Okay, maybe not. What I’m actually talking about is the language we use in the software we design, specifically when it comes to buttons. Gone are the days of ‘Click here to ‘ and now, we as designers and researchers spend much more time getting the wording on action buttons correct. Fabulous. The only problem is that we can spend an awful lot of time applying this on a case-by-case or project-by-project basis going round and round on a ‘Nononono, it should say *this*!’ point. So, is it possible to save ourselves some time by coming up with a set of principles that can then be applied to most-if-not-all instances?
To explore this, we must first understand the role buttons play within the context of the site/piece of software. At its simplest level, interacting with software is a conversation between two parties. It comprises the user (or customer) who wants to request a service, accomplish a task or look for information, and the software (the customer service bod, for the sake of argument) that politely welcomes them and provides them with information, appropriate guidance and facilitates the accomplishment of tasks. It should be like good customer service minus the idle chitchat or comments about the weather.
The role of an action button in the conversation is two-fold: It provides an invitation to the user, to which the user can then respond. It also provides the vehicle for the user to respond. Essentially, it asks: ‘Do you want to do a thing?’ and allows the user to respond ‘Yes, I want to do a thing’. The text on the button needs to cater for both posing the question and allowing the user to answer.
Armed with this, you can use the ‘test’ button text to see if it fits this model.
Amazon’s product page passes with flying colours. We have two buttons: Add to Basket and Add to Wish List. ‘Would you like to [add to basket]?’ ‘Yes, I would like to [add to basket]’. The wish list button adds some more information to the question: ‘Would you like to add to wish list? If so, the default or another one?’ ‘Yes I would like to add [this] to a wish list’.
Facebook passes the test too. Have a gold star.
Microsoft’s OneDrive distils labels down to just the verb, the key action, letting the context of the page and the current point in the user’s journey (here, selecting a file within OneDrive) fill in the rest. It’s still effective. ‘Do you want to download [the file you have selected]?’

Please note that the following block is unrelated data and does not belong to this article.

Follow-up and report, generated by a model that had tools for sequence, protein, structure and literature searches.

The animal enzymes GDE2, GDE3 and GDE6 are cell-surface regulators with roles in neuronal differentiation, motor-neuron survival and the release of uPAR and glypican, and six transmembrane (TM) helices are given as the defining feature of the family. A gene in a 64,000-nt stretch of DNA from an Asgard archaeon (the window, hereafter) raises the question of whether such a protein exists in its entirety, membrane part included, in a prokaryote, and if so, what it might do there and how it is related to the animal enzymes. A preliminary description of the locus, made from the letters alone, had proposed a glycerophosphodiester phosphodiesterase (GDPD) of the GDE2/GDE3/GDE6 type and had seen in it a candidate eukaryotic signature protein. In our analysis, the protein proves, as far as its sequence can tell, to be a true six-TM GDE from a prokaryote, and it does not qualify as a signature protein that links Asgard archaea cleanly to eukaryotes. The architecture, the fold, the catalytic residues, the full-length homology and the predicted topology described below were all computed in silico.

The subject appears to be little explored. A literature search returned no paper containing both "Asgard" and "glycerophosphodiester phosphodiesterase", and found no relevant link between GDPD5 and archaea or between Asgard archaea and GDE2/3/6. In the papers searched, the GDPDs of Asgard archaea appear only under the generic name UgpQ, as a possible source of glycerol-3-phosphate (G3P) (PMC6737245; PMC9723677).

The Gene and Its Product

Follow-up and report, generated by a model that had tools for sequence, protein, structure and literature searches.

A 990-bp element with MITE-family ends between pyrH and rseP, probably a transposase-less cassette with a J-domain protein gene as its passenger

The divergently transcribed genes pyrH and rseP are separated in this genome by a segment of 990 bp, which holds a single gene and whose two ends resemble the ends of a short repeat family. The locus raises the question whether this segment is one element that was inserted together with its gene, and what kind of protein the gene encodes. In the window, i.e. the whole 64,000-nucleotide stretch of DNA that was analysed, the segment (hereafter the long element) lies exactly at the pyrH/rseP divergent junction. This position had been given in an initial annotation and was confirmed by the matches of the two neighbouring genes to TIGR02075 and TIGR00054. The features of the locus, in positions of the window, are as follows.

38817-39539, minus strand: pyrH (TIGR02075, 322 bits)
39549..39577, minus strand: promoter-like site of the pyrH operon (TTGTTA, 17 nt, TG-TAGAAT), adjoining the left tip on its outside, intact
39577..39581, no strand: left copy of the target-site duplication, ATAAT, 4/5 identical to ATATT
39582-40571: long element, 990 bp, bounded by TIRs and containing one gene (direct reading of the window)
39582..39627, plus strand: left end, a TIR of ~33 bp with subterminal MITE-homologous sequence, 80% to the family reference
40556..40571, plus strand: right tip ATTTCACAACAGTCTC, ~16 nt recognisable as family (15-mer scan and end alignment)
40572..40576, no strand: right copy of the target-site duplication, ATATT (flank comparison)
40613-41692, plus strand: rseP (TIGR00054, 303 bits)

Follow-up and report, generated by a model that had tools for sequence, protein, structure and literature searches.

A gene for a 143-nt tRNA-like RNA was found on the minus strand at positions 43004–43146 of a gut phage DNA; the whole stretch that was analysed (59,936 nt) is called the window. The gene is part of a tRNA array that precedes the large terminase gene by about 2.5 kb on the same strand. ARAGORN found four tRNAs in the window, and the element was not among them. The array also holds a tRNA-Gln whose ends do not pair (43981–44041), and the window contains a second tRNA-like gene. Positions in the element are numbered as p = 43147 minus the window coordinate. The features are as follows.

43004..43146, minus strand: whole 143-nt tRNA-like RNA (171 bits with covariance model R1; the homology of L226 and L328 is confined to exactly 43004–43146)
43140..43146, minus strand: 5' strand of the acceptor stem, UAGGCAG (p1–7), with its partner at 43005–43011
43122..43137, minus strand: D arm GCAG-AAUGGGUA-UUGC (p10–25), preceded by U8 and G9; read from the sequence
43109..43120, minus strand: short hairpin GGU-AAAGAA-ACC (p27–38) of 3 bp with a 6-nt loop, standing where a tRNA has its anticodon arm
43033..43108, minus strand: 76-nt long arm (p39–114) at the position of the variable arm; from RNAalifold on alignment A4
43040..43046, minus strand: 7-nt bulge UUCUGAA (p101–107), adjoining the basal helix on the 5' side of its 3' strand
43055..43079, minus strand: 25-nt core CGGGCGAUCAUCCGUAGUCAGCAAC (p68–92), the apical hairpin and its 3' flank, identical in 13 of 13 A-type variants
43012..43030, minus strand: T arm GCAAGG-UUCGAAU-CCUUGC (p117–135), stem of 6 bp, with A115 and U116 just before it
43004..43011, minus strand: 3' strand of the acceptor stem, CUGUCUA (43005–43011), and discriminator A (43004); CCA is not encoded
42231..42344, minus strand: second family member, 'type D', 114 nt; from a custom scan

There are some that get it wrong. Very wrong. Google’s ‘I’m Feeling Lucky’ isn’t greatly helpful, but it wouldn’t be the ubiquitous Google homepage without it, and it’s an exception that proves the rule.
Verbs, verbs, verbs
The verb is the most important element. It’s the action on offer, and it satisfies the ‘Do you want to’, ‘Yes, I want to’ test and can be effective as the sole piece of text on an action. Try and keep button text as concise as possible, using the surrounding context of the task/journey/site/page to support this. Words can be implied too, e.g. ‘Find new friends’ can be distilled to ‘Find friends’.
As a final point, and to address another common issue that crops up with button text: the ‘my’, ‘your’ problem. This is one that’s been around the houses a bit but they both have a place in different circumstances. The MS Windows UX Interaction Guidelines suggest:
“Use the second person (you, your) to tell users what to do.” – Use ‘your’ for requests for information during stepped processes. E.g. ‘Choose the pictures you want to print’.
“Use the first person (I, me, my) to let users tell the program what to do” – Use ‘I’ for instructive ‘Do something for me’ text. E.g. ‘Print the photos on my camera’.
Following these guidelines has saved many a long, agonising and unnecessary discussion.
For more information on creating good link text, see A few tips on accessible links.